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the Colonial Office, to prohibitionist legislation.” He asserts that drunkenness is now “very prevalent in Egypt, due to the introduction of British whiskey; in Cyrenaica and the Tripolitana, Tunis, Algeria, and Morocco (French, Spanish, British and German forms of alcohol)." The Soudan, Northern Nigeria, and much of the Belgian Congo suffer also from the introduction of distilled liquors. In certain other colonies, German, British and Belgian, the authorities are doing their best to prevent the importation of alcohol.
Sir Johnston, "putting aside as much less serious in their effects, less easily accused of poisonous qualities, the wholesome beers and light wines," finds that "the real tyranny of alcohol consists in the manufacture of distilled spirits of forty degrees or more of alcohol, or the concocting of heavy wines and liqueurs which also exhibit a dangerous proportion of alcohol.” But he holds that so much has been achieved during the last sixty years in freeing the world from this tyranny that he looks forward to the time when "throughout the wide world alcohol—at any rate, above the strength of light wines and beers—will be universally prohibited as an article of human consumption.” The brewers will then have to use much of their plant and capital in turning out soft drinks. The distillers need not stop production, for alcohol as a chemical agent, as fuel, or motive power, can be put to an almost unlimited number of uses.
"But-if the opinion of the leading physicians be a true one—the voting masses of the people must be roused to force measures of virtual prohibition on all governments in regard to the consumption of distilled alcohol as a food.”
But he declares that if it is necessary to fight with determination the spread of alcohol poisoning, "prohibitionists and teetotalers must also apply their energies to finding some substituted stimulant, for the use of exhausted humanity which is liable to be overworked, temporarily weakened by shock; in fact, in a condition which calls aloud for a stimulant; and for something more palatable to the taste, more rapid in its restoration of vigor than smelling salts, sal-volatile or even of beef tea." He notes that "many of the pick-me-ups which are sold by chemists at home and abroad, and of which doctors do not seem to disapprove, contain an obvious proportion of ether. Yet we are told that ether drinking has been a serious vice in Ireland, as it is also in India and parts of Africa."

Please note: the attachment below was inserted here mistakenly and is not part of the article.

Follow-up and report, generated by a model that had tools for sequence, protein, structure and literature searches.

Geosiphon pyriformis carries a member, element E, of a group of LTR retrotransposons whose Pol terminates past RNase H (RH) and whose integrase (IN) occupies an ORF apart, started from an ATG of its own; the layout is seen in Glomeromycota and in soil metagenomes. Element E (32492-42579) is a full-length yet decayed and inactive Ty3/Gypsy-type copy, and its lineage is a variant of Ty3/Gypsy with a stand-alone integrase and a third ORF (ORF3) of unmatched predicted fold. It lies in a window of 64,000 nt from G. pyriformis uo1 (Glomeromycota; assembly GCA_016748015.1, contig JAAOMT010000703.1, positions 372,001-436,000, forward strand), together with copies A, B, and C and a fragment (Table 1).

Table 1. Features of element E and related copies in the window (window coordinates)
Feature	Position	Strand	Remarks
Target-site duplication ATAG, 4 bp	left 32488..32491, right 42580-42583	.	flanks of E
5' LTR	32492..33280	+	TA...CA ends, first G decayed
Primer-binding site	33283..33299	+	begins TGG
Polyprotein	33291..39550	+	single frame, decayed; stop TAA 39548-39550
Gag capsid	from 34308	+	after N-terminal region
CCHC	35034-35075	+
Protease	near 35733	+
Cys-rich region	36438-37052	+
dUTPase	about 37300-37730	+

Turning to available drinks for daily use, he finds pure cold water attractive to taste, “a very difficult drink to obtain.” The water supply of a large proportion of the United Kingdom as well as of most countries abroad, he says, is tainted by sewage. “Most temperance drinks are unwholesome, because they contain too much sugar or on account of their fizziness. The taste and smell of beer are undoubtedly attractive to millions among us." He closes with the plea, which many voice with him: “We want substitutes—at any rate in some degree-in attractiveness of taste or in stimulating qualities for the various dilutions of alcohol which are inferentially declared to be so deleterious in their effect on mind and body."
WHOM NOT TO BELIEVE
There is reason for cautioning against implicit faith in Captain Hobson so far as his utterances on the drink question are concerned. His Merrimac halo has lately been dimmed by his exploits as a speaker and letter writer. Volubility and voluminosity proclaim him everywhere, but above all a peculiar disregard for temperate statements. Here is the proof.
In a speech before Congress opposing the increase in the Federal tax on beer, Captain Hobson ventured into the field of statistics (always dangerous to the inexperienced) in search of supporting evidence. It has been found "by exact scientific investigation," he asserts, that drink causes 2,000 premature deaths every day in the year, or 730,000 annually. Just how illuminating this is becomes clear when one consults the mortality reports of the United States Bureau of the Census.
Within the so-called registration area, now containing about two-thirds of the entire population, the deaths in 1912 numbered 838,251. Of those who died no less than 171,692 were seventy years of age or over, while nearly 9,000 had passed the ninetieth year, and 204,639 died while under the age of five, prematurely, of course, but would the Captain say that drink was the general cause?
, It seems reasonable to consider further that the 28,710 children who died at the ages of nine to fourteen years were not brought prematurely to their graves by drink. There would then remain 423,210 deaths within the registration area which, according to Hobson's method of "exact investigation," could be imagined to have come to an untimely end through alcohol.